The Pick-Up Joint: Week 5

The Pick-Up Joint: Week 5

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The Pick-Up Joint: Week 5

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GROUNDS FOR DIVORCE

Might as well lead with the Hollywood breakup level divorces of two guys who were off the board in just about every draft before the first round was half over…

LeSean McCoy, Eagles
McCoy’s 192 rushing yards through four games rank him behind, amongst others, Knile Davis, Chris Ivory, Justin Forsett, Khiry Robinson, Terrance West, Trent Richardson, Steven Jackson and Bobby Rainey. Worse, 149 players average more yards per carry than McCoy’s 2.7. Still, he’s LeSean McCoy and you have to believe that eventually the Eagles’ offensive line will get healthy and figure things out and McCoy will be back to his old self… just in time to face two of the five toughest run defenses in the league during the fantasy playoffs.

If you’re 1-3 or 0-4 thanks to McCoy’s struggles, or if you think you can still trade on his name value to bolster your roster, this may be the time to divest. Your trading partner will think they’re buying low; you’ll be getting out before things go from bad to worse.

Jamaal Charles, RB, Chiefs
Charles returned from his high ankle sprain to drop three TDs on the Patriots on Monday night—and it’s very possible the uncertainty of his injury and availability forced you to leave those three TDs on the bench. Also, you may have noticed Charles grab his hamstring after his third TD. He returned to action for at least a few snaps in the fourth quarter, but it was a scary moment for Charles owners who just got their stud back back.

You could grapple with the ankle and hammy and whatever else Charles will pick up carrying the Chiefs’ offense… or you could sell high on the heels of his hat trick, knowing that no back will face a tougher schedule the rest of the way. If you’re thinking of moving Charles—like McCoy, you’re not giving him away; you need plenty in return—you’ll want to move now as his next two months include a bye and four games against elite run-stopping defenses like the Niners, Jets, and Seahawks.

ONE NIGHT STANDS

Louis Murphy, WR, Buccaneers
Mike Evans will miss the next two to four weeks with a groin injury, and the initial reaction is to be excited for Vincent Jackson’s prospects for the next month. You can also be excited about Murphy’s prospects for the next week or two, especially Week 5 against a Saints defense that’s allowed 10 different receivers to score and/or top 60 yards already this season—at least two a game. If your lineup will be missing Evans, or you have another short-term need at wide receiver, Murphy might be your elixir.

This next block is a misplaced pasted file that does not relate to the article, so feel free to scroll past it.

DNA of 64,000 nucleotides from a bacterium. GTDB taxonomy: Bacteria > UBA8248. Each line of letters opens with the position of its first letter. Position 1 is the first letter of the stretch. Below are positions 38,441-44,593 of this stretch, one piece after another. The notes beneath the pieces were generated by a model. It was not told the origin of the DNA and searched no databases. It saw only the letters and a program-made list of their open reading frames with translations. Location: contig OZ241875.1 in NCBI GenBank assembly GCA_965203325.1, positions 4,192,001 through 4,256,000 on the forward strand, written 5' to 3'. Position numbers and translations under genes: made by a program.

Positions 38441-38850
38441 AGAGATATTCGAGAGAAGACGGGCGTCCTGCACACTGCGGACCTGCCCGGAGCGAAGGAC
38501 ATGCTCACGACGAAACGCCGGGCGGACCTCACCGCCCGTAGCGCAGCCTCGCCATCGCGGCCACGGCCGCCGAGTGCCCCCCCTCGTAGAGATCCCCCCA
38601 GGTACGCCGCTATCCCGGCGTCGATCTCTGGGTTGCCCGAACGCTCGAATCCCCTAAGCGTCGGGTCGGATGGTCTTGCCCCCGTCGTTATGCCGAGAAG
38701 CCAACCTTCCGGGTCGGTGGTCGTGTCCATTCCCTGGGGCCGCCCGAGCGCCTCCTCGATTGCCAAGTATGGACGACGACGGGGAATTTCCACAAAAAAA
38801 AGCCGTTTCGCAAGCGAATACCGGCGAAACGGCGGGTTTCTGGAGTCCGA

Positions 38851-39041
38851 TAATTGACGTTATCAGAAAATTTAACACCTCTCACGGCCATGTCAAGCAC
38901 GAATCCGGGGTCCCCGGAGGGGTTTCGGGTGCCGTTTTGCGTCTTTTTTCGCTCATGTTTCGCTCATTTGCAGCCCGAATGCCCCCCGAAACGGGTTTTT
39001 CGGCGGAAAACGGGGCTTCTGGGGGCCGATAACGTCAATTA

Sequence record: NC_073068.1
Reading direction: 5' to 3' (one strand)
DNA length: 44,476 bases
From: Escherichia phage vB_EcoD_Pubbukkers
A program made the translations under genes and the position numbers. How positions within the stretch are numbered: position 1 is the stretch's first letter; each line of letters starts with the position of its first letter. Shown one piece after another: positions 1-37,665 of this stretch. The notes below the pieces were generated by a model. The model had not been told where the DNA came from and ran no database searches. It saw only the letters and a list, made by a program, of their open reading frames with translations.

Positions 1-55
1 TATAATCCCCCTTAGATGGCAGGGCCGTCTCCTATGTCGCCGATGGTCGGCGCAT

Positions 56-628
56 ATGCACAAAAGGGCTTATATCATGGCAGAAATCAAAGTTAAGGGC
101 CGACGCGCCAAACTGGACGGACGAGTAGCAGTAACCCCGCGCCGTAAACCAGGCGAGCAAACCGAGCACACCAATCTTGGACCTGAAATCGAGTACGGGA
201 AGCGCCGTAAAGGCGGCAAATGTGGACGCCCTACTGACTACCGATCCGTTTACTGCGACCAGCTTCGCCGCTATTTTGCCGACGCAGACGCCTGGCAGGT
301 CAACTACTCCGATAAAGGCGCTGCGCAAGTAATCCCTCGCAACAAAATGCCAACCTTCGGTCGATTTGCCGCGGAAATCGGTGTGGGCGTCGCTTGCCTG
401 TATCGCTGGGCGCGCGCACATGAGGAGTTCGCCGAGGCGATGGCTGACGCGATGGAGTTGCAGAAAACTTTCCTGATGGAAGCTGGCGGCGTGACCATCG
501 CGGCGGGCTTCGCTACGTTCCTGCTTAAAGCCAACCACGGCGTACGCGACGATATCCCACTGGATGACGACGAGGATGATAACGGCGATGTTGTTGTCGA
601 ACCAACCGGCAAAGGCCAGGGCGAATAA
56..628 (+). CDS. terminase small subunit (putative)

Darin Reaves, RB, Panthers
It’s not always pretty at closing time, and here’s your fantasy football equivalent. With DeAngelo Williams, Jonathan Stewart and Mike Tolbert all injured it will be Reaves getting the touches against Chicago this week. The good news is that Carolina coach Ron Rivera said Reaves had only one mental error in the 43 snaps he played last week against the Ravens. The bad news is that Reaves gained just 26 yards on 12 carries while adding another 11 on three receptions. The Bears aren’t a cupcake matchup, but they are giving up 4.4 yards per carry—almost a full yard more than Baltimore—so there’s at least an opportunity for the undrafted rookie free agent to have success here.

Kenny Stills, WR, Saints
After being embarrassed in Dallas in prime time, the Saints return to the friendly confines of the Superdome to face a Bucs defense that’s allowed more fantasy points to wide receivers than any other. Stills remains behind Marques Colston and Brandin Cooks in the passing game pecking order, but he’s still seen a dozen targets over the past three games—turning them into nine catches and 125 yards. The past two games have seen Tampa Bay yield multiple fantasy helpers to opposing wideouts, and with Stills being a popular Drew Brees deep threat it won’t necesarily take a ton of targets for him to help you this week.

CATCH ‘EM ON THE REBOUND

Cordarrelle Patterson, WR, Vikings
After seeing Patterson rush for 102 yards in the season opener it appeared Norv Turner’s plan to get him the ball was in play. However, with Adrian Peterson out of the lineup Peterson hasn’t taken the leap forward in touches many expected; he’s had just one carry in three games while seeing a total of 16 targets. Simply put, that needs to change because this offense won’t get three touchdowns from Matt Asiata and 100-plus rushing yards from Jerick McKinnon on a weekly basis. Patterson has flashed improvement as a receiver, and with Teddy Bridgewater at quarterback the time has come for Norv to unleash the same approach that made Josh Gordon the NFL’s leading receiver last year. Patterson’s low-end production drops his price tag dramatically; bet on the upside happening sooner rather than later.

REKINDLE AN OLD FLAME

Marvin Jones, WR, Bengals
It’s easy to forget about Jones, who has yet to play this season after breaking his foot during the preseason. But he was a top-24 fantasy WR in 2013 as AJ Green’s wingman, and he’s on pace to return to the lineup in Week 5 after practicing twice with the team during Cincy’s bye week. As a red zone favorite (10 TDs) he can help with the team’s issues in that area, and even if he doesn’t fully reclaim his WR2 job from Mohamed Sanu he should still approximate the five targets per game that made him a fantasy success last season. One more weapon for the undefeated Bengals makes them that much more difficult to defend, and you can bet Jones isn’t at the top of the list opposing defensive coordinators create when talking about stopping Cincy. That means opportunity, and if you beat your league to the punch you can take advantage.

 

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